Monday, November 07, 2005

BWV 106

I sang in a Bach cantata concert yesterday. It was great.
We had a baroque orchestra which was really fabulous. There
were two amazing recorder players (yes, I know, it's hard to
believe a recorder can sound amazing, but you'll have to
take my word for it). One was on faculty at Oberlin, and
knows Richard. We did 182, which is really nice, but the
most wonderful part was 106. He was 22
years old, and wrote one of the great works of western
music. 18 minutes of pure bliss. The opening sinfonia is
basically a recorder duet. If you just listen to the
recording it's hard to tell what's going on, but they're
actually dovetailing all over the place. Really beautiful
writing. Like splitting one line between two people and
weaving it together in this awesome way. It is exquisite.
There's one movement where there's a beautiful bass solo.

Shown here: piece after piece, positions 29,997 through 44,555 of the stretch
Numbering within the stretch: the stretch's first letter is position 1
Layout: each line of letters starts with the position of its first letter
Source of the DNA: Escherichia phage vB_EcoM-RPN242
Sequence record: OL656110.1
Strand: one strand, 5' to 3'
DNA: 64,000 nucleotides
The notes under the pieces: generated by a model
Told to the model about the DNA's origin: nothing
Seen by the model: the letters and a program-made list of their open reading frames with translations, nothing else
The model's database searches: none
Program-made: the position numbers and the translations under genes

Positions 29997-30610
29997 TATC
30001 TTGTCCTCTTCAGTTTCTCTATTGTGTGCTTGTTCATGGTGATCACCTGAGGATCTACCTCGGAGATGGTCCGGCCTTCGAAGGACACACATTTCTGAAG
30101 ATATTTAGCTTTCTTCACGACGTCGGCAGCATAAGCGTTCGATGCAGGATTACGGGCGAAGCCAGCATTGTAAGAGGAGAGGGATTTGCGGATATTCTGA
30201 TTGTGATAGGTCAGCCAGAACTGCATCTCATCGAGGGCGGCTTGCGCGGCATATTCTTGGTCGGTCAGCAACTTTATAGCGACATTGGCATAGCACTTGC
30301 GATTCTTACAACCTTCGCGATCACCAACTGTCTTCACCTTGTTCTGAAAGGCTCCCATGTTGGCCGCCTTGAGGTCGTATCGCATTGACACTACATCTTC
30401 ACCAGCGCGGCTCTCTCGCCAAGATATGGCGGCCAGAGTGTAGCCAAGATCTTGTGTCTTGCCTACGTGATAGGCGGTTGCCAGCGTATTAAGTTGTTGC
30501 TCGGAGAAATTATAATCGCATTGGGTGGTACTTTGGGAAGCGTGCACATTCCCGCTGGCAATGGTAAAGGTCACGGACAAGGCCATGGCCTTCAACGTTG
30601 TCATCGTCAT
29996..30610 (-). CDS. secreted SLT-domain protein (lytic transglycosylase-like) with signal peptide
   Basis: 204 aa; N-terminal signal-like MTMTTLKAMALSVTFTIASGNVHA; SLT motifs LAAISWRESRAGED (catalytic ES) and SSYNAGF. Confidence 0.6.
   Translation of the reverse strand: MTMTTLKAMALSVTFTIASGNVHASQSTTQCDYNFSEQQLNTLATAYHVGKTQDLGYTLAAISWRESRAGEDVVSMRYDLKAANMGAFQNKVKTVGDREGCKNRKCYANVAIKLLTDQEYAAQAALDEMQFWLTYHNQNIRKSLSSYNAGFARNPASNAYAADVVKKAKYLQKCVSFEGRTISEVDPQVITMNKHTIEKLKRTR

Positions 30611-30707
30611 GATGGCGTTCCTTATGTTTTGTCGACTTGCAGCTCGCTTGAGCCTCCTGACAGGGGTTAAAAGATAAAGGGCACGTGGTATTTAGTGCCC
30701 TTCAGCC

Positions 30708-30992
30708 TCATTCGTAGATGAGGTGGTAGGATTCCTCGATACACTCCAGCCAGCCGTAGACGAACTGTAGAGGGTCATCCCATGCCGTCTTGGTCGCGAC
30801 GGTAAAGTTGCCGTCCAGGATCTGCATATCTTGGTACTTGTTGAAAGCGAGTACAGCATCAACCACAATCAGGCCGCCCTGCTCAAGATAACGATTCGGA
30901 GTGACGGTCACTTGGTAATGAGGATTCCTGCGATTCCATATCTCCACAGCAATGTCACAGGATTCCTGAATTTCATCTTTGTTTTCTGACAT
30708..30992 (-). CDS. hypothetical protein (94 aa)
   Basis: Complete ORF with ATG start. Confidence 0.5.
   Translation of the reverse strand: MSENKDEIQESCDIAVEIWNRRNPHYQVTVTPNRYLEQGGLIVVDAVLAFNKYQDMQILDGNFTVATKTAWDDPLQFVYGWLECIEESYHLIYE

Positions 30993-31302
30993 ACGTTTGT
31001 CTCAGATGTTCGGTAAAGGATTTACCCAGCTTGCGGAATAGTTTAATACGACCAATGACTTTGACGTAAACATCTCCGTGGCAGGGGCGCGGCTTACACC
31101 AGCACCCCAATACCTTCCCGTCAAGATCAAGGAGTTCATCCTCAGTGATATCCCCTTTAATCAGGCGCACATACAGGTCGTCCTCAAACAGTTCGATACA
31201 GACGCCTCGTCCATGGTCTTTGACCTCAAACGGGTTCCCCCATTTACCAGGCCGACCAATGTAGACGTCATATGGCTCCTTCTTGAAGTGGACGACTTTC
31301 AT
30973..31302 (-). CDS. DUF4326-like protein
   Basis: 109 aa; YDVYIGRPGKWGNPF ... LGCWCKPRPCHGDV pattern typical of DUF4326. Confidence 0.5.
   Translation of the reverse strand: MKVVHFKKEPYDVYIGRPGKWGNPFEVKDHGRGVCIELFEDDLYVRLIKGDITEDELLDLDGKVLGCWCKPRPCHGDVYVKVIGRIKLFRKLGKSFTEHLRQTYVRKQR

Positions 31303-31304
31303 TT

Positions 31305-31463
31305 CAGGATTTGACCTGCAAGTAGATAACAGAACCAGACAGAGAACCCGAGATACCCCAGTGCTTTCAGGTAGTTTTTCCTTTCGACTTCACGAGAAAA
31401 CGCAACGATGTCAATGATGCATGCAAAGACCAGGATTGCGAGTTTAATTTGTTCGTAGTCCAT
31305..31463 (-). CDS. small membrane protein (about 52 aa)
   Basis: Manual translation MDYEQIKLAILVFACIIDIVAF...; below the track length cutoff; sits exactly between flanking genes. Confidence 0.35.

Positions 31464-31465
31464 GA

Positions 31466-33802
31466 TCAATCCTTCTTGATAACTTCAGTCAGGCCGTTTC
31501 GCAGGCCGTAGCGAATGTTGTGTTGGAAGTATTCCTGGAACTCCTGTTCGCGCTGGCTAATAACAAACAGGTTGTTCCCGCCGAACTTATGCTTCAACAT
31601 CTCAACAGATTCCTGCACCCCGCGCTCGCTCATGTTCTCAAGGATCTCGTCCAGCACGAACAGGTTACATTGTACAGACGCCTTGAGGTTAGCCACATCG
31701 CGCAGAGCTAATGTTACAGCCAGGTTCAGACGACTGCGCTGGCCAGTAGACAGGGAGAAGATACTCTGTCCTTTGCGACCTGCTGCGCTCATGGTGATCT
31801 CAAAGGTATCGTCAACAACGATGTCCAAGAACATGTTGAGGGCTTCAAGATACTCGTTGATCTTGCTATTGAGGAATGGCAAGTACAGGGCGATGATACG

Everything is going nicely, and then the alto section enters
with a counter theme. Just the alto section. It's
unexpected... and totally earth shattering. The last
movement, the choir is singing "It is an eternal law. Human,
you must die!" Intense, slow, heavy, etc. Then, out of
nowhere, a single soprano sings high above everyone else,
with this birdlike voice, "Jesus, come". Other worldly,
ethereal beauty.

I hate to give any ammunition to the misguided "intelligent
design" folks, but if they pointed to Johann Sebastian
instead of their other feeble arguments, I might nod my head
in nonplussed agreement...

"Now there is music from which a man can learn something." -- Mozart

"Not Brook (Ger. "Bach") but Ocean should be his name." -- Beethoven

"Playing and studying Bach convinces us that we are all numskulls." -- Schumann

"Study Bach: there you will find everything." -- Brahms

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